Before Elaine could respond to Zane, Hadaly came to Frog’s rescue. “She’s referring to my eigenself,” she said. “The version of me currently suspended in backup storage—she’s chronophasic but it’s a good call. I agree. Wake her up.”
“Have I ever told you that you two think almost exactly alike,” Zane asked.
“Yes,” Elaine and Hadaly said almost simultaneously.
“Bringing her online,” Zane said.
“So you have a backup of Hadaly?” Frog said. “But what does that mean for the one we’re currently trying to save? I mean, she’s been in her body for almost a week now. That’s a lot of time…”
“One hundred forty-four hours, nineteen minutes, sixteen seconds,” Hadaly said. “And now, I have less than eight minutes to live. Not exactly how I expected to go. Surrounded by family and friends, lying on a cold metal slab, waiting for the inevitable loss of contrast in my neural net to erase my personality forever. It’s almost poetic.”
“Not if Elaine can help it,” Frog said. “You can help it, right?”
“I am a genius.”
Elaine reflected for a moment on the situation. Through her own recklessness, Hadaly had managed to put herself in a position where she’d be losing a large chunk of experience—not including the several thousand dollars of damage to her chassis; it would probably take weeks to repair that—the consequences of the situation felt more dire than their actuality. The existence of the backup Hadaly at least diminished the overall danger, but she couldn’t help but feel a twinge knowing she only had a slim chance of saving the personality currently loaded in the chassis.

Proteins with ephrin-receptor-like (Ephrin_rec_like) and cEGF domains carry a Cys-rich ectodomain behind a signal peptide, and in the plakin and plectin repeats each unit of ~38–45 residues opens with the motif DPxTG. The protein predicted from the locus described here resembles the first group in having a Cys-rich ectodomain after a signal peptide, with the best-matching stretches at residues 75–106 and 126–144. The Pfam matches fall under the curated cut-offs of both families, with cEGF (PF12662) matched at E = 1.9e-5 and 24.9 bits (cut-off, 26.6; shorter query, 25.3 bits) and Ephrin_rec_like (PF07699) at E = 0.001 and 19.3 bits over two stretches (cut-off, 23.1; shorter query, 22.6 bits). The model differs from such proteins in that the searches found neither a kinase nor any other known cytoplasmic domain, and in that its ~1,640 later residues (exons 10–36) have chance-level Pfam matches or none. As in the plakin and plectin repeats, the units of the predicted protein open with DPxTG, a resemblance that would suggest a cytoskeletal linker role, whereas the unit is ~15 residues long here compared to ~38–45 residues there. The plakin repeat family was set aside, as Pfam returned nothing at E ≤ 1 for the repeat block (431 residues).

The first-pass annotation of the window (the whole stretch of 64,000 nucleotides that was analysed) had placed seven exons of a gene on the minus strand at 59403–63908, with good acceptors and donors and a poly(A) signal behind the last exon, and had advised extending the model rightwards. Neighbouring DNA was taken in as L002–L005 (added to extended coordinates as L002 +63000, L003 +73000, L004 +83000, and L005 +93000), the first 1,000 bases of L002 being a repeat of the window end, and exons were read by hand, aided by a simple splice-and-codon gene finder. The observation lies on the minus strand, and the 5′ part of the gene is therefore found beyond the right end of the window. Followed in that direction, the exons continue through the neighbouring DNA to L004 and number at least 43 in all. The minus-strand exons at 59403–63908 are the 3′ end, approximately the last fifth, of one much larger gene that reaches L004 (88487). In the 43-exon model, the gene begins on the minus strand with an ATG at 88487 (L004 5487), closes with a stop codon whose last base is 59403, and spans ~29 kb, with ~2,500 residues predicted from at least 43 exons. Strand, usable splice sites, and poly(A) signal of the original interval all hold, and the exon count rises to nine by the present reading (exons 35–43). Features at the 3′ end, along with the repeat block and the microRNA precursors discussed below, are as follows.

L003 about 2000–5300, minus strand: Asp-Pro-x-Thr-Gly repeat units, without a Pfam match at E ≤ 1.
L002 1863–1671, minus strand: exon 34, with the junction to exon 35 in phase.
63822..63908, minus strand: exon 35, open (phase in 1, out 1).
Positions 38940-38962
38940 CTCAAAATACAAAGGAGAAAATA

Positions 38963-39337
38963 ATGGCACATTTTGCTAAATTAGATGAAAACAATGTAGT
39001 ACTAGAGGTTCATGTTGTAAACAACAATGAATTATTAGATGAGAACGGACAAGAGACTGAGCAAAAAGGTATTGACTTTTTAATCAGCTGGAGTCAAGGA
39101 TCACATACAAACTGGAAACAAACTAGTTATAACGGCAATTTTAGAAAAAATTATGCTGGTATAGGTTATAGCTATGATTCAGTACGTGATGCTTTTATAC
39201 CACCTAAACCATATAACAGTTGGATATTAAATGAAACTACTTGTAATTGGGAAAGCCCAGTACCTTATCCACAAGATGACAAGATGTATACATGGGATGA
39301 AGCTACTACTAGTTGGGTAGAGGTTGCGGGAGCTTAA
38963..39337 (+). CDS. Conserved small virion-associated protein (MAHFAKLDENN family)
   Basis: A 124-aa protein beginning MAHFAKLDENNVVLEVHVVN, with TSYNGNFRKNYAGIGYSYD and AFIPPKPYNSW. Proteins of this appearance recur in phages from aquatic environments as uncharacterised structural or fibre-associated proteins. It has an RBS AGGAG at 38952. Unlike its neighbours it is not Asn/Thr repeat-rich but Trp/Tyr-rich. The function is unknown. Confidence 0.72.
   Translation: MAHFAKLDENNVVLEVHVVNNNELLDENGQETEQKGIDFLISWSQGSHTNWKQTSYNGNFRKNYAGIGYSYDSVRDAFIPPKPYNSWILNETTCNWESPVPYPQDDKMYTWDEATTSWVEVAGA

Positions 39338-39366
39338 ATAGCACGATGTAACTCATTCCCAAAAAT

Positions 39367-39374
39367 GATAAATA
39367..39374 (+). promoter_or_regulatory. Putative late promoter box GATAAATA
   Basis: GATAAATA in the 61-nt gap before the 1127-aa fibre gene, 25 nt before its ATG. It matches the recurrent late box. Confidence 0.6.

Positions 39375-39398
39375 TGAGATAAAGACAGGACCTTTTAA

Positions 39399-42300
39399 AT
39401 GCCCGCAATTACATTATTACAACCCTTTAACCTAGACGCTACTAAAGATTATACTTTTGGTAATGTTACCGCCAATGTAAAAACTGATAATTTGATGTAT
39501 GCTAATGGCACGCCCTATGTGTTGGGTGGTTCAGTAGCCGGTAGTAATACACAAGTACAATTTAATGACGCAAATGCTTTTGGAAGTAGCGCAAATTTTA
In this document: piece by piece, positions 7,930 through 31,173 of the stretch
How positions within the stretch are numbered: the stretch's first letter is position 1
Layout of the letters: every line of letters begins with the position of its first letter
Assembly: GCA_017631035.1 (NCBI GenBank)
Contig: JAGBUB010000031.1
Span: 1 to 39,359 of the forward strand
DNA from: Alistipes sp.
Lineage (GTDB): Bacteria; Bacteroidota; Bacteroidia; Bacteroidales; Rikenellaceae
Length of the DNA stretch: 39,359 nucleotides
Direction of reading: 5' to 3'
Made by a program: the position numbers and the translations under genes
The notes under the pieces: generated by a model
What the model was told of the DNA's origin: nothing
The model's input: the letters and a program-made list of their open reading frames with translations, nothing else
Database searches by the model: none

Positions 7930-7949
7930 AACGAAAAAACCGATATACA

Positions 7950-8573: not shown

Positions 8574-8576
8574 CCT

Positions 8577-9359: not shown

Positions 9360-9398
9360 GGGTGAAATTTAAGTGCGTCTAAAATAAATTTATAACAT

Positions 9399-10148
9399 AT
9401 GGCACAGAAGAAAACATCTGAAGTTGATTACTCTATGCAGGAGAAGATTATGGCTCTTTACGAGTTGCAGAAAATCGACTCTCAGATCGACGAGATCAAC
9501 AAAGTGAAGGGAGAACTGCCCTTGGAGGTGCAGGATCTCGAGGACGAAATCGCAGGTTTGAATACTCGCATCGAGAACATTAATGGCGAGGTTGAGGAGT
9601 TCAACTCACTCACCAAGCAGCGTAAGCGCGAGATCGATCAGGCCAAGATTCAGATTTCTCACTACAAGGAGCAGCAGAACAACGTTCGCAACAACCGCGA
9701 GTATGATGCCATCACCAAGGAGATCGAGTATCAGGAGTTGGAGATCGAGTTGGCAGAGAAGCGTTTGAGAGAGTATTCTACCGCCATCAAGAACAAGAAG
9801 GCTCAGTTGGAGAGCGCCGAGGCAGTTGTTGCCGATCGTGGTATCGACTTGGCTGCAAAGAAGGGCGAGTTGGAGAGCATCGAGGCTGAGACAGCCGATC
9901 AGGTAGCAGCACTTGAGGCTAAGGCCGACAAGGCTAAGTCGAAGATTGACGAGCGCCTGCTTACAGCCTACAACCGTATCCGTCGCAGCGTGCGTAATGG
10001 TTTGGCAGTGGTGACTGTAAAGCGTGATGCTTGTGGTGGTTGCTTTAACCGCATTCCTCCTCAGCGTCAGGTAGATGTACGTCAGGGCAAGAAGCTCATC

She would soon suffer for her carelessness; although, not all was not yet lost. An outside source assessment from the backup personality might just turn the tables and help save her after all.
“She’s coming online,” Zane said.
“Hey guys, what’s up?” the newly awakened Hadaly said. “Wow. Sucks to be me.”
“Oh, this is going to get confusing,” Frog said.
“We should pick names,” Hadaly said. “Hadaly-Eigen.”
“Hadaly-Actual,” the other Hadaly said.
“I see you’ve already decided what’s going to happen,” Elaine said.
“I think it’s rather obvious, the arcanovirus is going to riddle my eigensister’s brain full of holes and after it’s done, it’s going to reanimate the newly dead corpse of her neural network as a zimboe and then you’ll be in trouble. We need to handle this by taking decisive action now and save what we’ve got left.”
“Seconds lost, is brain lost,” Hadaly-Eigen said. “A suspend with a core dump will retain most of the experience for later rehabilitation and import and as it will halt all upper cognitive functions, it will cleanse the virus.”
“Hold on,” Frog said. “You’re talking about killing the Hadaly on the table? I can’t get behind this. You’ve still got six minutes left! You should be using every moment you have to attempt to save her, shouldn’t you?”« Short Story: Vulnerable (Part II) Short Story: Vulnerable (Part IV) »